Postmedia Network Canada Corp. has announced 54 layoffs at its British Columbia subsidiary, which owns the Vancouver Sun and Vancouver Province, the Financial Post reports.The company told staff Friday that the layoffs at Pacific Newspaper Group are part of a previously announced plan to reduce salary costs by 20 per cent across the company’s nationwide operations.
Unifor Local 2000, which represents employees at Pacific Newspaper Group, said that the layoffs, combined with the departure of 38 staff who took voluntary buyouts in January, “would reduce the entire staff by 42 per cent.” Postmedia had roughly 4,000 employees across Canada.
Full story

Tuesday, March 7, 2017

CBC's The National going digital

CBC News has announced a new organizational structure, with a heavy emphasis on digital as well as changes to The National, CP reports.
In a memo distributed to staff on Tuesday, editor-in-chief Jennifer McGuire said digital will now be a part of everything CBC News does and “not a stand-alone pillar” of its service.
She also said the public broadcaster plans to push “the visual and audience experience” of The National, making the flagship nightly news brand “more than just a one-hour program at 10 p.m.”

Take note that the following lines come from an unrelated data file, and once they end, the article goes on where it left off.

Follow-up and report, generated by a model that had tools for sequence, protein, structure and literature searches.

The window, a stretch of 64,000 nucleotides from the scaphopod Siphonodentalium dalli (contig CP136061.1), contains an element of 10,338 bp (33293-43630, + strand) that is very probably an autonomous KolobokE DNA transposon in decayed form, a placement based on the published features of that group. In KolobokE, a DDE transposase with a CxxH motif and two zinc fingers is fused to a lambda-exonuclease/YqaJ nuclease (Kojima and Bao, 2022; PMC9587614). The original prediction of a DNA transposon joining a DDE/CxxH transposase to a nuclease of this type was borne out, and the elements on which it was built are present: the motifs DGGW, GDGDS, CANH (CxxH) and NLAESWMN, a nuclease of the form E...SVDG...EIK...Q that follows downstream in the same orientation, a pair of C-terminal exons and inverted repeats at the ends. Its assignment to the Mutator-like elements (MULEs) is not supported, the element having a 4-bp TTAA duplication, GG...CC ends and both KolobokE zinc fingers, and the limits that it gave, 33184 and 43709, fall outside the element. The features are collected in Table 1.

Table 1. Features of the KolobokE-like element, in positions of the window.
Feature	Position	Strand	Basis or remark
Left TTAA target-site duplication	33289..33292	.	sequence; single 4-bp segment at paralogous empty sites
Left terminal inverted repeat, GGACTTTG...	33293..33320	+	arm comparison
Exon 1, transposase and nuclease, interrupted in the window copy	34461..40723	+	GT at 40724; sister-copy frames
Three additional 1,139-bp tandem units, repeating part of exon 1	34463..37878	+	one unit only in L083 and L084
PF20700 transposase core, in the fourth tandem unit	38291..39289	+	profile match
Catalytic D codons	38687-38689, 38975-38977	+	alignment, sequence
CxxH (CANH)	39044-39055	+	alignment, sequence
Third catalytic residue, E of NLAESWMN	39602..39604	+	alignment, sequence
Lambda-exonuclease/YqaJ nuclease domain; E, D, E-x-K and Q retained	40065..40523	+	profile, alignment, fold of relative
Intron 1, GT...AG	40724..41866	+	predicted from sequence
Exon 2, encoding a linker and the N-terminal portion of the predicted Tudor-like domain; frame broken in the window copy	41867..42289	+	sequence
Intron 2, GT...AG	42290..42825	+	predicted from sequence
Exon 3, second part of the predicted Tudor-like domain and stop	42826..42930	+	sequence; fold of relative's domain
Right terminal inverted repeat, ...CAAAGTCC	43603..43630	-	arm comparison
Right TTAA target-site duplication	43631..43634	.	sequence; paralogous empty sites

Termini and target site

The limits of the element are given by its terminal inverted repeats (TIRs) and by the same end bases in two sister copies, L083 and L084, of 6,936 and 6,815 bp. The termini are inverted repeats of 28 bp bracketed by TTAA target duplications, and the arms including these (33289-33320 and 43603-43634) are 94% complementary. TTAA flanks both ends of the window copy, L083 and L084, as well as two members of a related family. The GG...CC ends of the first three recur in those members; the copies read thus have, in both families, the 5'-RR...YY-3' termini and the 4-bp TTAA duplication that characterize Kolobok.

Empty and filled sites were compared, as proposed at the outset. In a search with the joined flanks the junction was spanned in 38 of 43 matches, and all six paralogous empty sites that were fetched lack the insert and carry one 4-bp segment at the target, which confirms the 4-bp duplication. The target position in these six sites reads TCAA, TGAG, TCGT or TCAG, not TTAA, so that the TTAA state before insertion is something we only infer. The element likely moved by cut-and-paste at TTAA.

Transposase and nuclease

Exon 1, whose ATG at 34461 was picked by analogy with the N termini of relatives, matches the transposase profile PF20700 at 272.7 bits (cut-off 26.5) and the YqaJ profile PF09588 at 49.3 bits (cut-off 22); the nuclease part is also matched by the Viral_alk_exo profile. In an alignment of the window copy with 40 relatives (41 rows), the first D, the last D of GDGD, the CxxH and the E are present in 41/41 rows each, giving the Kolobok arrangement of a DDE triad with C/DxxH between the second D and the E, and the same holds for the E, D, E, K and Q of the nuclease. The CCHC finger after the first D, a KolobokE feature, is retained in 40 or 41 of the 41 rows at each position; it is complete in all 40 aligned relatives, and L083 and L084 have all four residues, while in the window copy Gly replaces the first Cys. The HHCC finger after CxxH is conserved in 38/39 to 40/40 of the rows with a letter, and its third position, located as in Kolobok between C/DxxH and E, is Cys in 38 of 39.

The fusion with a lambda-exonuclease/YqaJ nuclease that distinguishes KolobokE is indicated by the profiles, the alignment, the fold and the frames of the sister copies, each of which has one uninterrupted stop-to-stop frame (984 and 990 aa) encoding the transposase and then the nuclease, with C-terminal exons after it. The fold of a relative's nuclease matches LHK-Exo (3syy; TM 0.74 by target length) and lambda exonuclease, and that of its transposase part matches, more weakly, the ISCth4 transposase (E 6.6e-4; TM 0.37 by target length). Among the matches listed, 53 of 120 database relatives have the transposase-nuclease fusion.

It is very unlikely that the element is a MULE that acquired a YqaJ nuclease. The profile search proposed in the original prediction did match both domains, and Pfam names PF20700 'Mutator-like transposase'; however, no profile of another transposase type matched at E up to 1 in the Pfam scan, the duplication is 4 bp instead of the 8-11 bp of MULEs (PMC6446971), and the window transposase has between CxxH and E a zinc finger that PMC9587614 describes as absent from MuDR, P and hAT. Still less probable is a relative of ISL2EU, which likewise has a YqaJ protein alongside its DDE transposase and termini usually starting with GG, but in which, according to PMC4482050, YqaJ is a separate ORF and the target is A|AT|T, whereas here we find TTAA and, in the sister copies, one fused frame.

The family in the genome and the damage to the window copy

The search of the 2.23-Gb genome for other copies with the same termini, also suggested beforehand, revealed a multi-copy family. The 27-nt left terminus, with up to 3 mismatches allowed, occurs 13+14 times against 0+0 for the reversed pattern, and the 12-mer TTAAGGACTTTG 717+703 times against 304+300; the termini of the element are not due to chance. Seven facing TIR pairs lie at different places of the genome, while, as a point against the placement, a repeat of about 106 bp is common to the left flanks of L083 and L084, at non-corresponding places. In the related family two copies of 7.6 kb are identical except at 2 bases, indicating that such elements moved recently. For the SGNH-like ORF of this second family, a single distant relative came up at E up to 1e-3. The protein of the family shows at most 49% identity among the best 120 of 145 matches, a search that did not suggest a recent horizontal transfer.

McGuire said the show’s team “will create digital native content as well as content for the destination newscast.”
In September, The National anchor Peter Mansbridge announced he would step down from the show after taking part in the CBC’s Canada Day coverage for the country’s 150th birthday.
Journalist Steve Ladurantaye, who was Twitter Canada’s head of news and government partnerships before joining the CBC last May, has been appointed the new managing editor of The National, and tasked with “redefining The National for the next generation.”

Friday, March 3, 2017

John Boynton picked as new Torstar CEO

The Star's Francine Kopun writes:
"A business executive who delivered the Toronto Star as a boy has been appointed Torstar Corporation’s new president and chief executive officer.
John Boynton, a seasoned marketer and turnaround agent, will also take on the role of publisher of the Toronto Star.
“'I am here to unlock value and get some growth going,' said Boynton, 53, whose specialty is working with companies in industries and sectors — such as the newspaper industry — undergoing radical change."